Which according to details provided here by Nexus Mods founder Robin Scott is only 35% by the way, and not the 75% some people have reported.

As for developers however, who get 40% of the overall cut, well…and I’m going to catch hell for this, but I don’t believe they should directly profit from the hard work of modders.

“What?!” I hear you cry. “Outrageous! How dare you! Without the developer’s hard work and resources these parasitic modders wouldn’t even have anything to work with! Why should they make money off somebody else’s property?”

I said not directly. Because you need to buy the games in the first place to play the fucking mods. Aside from patches and DLC my transaction with the developer ends there. How I then choose to personally experience their game after that is nobody’s fucking business but my own.

Sure, mods can’t exist without games, but in some cases its mods that drive sales of a game. How many more people would own a copy of Arma 2 if it weren’t for the original Day Z mod? And Cities: Skylines has thrived to become the number one city-building game, eclipsing the venerable Sim City, in a large part due to Paradox’s healthy attitude towards community modding. Hell, there’s even a bloke making a living through Patreon creating mods for it. Some of the most popular games around like Team Fortress 2, Counterstrike, can trace their origins back to mods for other games. And an entire genre – MOBAs – only even exists because of mods

So why should I have to pay Bethesda again for someone else rearranging Skyrim’s existing assets into a new experience for me? If I choose to donate directly to a modder for something they created, I’m doing it to reward the time and effort they put into it, and any new assets they might have added. Bethesda getting a cut of that is like Lego charging kids a fee whenever they build something with their own bloody Lego.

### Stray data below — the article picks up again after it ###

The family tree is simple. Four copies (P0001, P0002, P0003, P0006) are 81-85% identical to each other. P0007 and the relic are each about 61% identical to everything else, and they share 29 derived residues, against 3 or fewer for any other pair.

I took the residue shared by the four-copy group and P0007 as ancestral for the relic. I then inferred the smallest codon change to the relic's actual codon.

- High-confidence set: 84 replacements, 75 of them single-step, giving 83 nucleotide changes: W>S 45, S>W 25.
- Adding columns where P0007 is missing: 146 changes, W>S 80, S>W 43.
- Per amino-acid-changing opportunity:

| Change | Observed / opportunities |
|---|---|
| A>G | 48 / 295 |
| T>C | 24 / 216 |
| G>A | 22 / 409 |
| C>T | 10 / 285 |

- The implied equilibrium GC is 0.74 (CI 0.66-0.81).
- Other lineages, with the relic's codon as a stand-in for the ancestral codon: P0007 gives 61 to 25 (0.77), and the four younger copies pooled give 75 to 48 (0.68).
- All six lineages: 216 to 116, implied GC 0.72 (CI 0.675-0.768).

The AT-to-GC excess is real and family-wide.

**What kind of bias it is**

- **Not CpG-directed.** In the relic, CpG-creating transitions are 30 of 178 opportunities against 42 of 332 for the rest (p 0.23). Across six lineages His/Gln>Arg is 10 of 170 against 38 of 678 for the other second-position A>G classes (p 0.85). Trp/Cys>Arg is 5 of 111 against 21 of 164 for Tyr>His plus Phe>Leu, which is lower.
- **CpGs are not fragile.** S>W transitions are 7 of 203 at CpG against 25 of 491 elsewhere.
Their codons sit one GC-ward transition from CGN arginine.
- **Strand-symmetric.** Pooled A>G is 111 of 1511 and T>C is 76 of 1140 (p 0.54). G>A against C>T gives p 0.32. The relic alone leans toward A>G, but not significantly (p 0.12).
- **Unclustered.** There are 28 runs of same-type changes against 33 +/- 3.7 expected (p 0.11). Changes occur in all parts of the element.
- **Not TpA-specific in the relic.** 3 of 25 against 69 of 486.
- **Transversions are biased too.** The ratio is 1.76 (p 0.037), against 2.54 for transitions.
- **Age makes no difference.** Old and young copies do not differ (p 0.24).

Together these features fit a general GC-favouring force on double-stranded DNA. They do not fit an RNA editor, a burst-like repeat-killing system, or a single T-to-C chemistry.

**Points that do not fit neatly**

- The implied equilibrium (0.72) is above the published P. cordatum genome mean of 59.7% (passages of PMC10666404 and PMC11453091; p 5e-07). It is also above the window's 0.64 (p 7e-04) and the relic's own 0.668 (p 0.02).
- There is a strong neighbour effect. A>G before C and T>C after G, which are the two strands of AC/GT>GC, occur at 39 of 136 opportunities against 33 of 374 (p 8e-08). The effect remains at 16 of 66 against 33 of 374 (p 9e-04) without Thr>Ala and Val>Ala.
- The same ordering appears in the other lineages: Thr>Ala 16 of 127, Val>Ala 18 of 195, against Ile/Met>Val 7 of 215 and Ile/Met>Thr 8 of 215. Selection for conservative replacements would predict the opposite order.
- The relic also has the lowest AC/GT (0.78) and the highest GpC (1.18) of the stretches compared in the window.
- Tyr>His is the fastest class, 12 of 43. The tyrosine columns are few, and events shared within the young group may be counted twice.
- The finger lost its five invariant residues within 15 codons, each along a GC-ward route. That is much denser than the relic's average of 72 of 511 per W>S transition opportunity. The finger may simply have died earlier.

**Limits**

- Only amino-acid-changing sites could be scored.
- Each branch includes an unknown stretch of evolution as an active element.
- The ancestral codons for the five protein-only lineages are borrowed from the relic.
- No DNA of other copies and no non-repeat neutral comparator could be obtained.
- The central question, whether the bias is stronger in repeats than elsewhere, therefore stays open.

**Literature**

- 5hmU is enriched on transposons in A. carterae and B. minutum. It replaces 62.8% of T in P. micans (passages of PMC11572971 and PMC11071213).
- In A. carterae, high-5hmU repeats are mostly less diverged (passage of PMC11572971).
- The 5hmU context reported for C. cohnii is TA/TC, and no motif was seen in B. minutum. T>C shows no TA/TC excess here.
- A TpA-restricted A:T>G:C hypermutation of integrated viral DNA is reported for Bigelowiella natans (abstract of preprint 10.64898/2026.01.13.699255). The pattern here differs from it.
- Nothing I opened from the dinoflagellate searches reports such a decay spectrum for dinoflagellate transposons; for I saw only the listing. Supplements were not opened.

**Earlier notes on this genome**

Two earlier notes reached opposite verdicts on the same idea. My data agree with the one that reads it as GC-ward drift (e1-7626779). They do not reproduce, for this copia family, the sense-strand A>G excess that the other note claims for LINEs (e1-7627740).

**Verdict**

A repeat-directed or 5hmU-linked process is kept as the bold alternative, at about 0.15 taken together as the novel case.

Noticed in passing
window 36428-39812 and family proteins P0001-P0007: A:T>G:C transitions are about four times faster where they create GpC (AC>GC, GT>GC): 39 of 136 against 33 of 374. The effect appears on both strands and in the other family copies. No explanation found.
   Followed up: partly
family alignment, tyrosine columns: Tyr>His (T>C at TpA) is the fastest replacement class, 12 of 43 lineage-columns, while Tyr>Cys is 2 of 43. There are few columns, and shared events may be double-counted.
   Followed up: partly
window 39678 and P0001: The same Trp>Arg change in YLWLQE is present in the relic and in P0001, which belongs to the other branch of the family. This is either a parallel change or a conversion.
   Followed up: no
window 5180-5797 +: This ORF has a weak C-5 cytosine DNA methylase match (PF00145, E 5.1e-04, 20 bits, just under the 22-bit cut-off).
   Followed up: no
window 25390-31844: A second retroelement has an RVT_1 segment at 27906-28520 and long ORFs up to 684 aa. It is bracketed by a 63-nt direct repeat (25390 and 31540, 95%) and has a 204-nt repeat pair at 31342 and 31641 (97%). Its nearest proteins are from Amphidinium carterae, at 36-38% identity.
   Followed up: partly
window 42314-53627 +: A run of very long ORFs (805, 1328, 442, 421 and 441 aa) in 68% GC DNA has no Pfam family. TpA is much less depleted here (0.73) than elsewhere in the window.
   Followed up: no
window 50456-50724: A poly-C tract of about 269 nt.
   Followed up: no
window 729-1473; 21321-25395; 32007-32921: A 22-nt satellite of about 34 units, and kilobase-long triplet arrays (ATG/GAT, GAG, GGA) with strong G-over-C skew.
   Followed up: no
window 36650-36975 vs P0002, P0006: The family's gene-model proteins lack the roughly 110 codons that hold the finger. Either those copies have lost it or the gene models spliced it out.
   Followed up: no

Alright, so it’s not exactly like that. But I spent five minutes making that picture so I’m bloody well going to use it.

Okay, let’s say I buy a car. I can’t drive but for the benefit of this thought experiment, let’s pretend I can. Aside from maybe getting some replacement parts later on, my transaction with the car manufacturer ends when I drive the car off the forecourt. If I then pay someone to modify my car with some sick spoilers and blingin’ rims, that’s between me and the person tricking out my sweet ride. I am paying them for their time, labour and materials, as well as extra charges on my car insurance for having a non-standard vehicle. The manufacturer doesn’t get a look in, and why should they? They already have my money. I can’t pay someone to modify a car I don’t have.

A similar thing applies to modders. Let’s say I enjoyed a really good game mod so much I decided to give the modder a donation. I’m too poor to do that but let’s pretend I can. I’m not paying the modder for the assets I already own – Skyrim in this case – because I already have access to them. I’m paying the modder for their time, labour and any extra assets they bring to the game, like original textures and animations. Why then should Bethesda get extra money, on top of the money I’ve already given them, to experience their game a different way? As far as I’m concerned, they got their slice of the pie when I bought the original game.

Obviously I’m not condoning paid mods that violate other peoples’ intellectual property. That’s theft. But why should Bethesda profit from the efforts of modders that work entirely with Skyrim’s own assets, or add their own original ones, in a way that still requires the original game to play?

And that’s just for cosmetic and other general gameplay stuff. I haven’t even mentioned modders who give their time freely to fix things like game-stopping bugs and flagrant technical issues. Modders such as Peter Thorman, best known by the name “Durante”, whose DsFix mod is considered essential to any PC gamer that wants the best possible experience playing Dark Souls.

Or the various community mods for Vampire: The Masquerade – Bloodlines. An absolute shambolic mess when it was first released, Bloodlines has since come to be regarded as almost up there with games like Deus Ex thanks entirely to the efforts of modders. The game’s original developer Troika couldn’t fix them because they went bust, so without these mods the game would’ve sunk into complete obscurity. Instead it’s become one of the best FPS-RPGs you could ever play.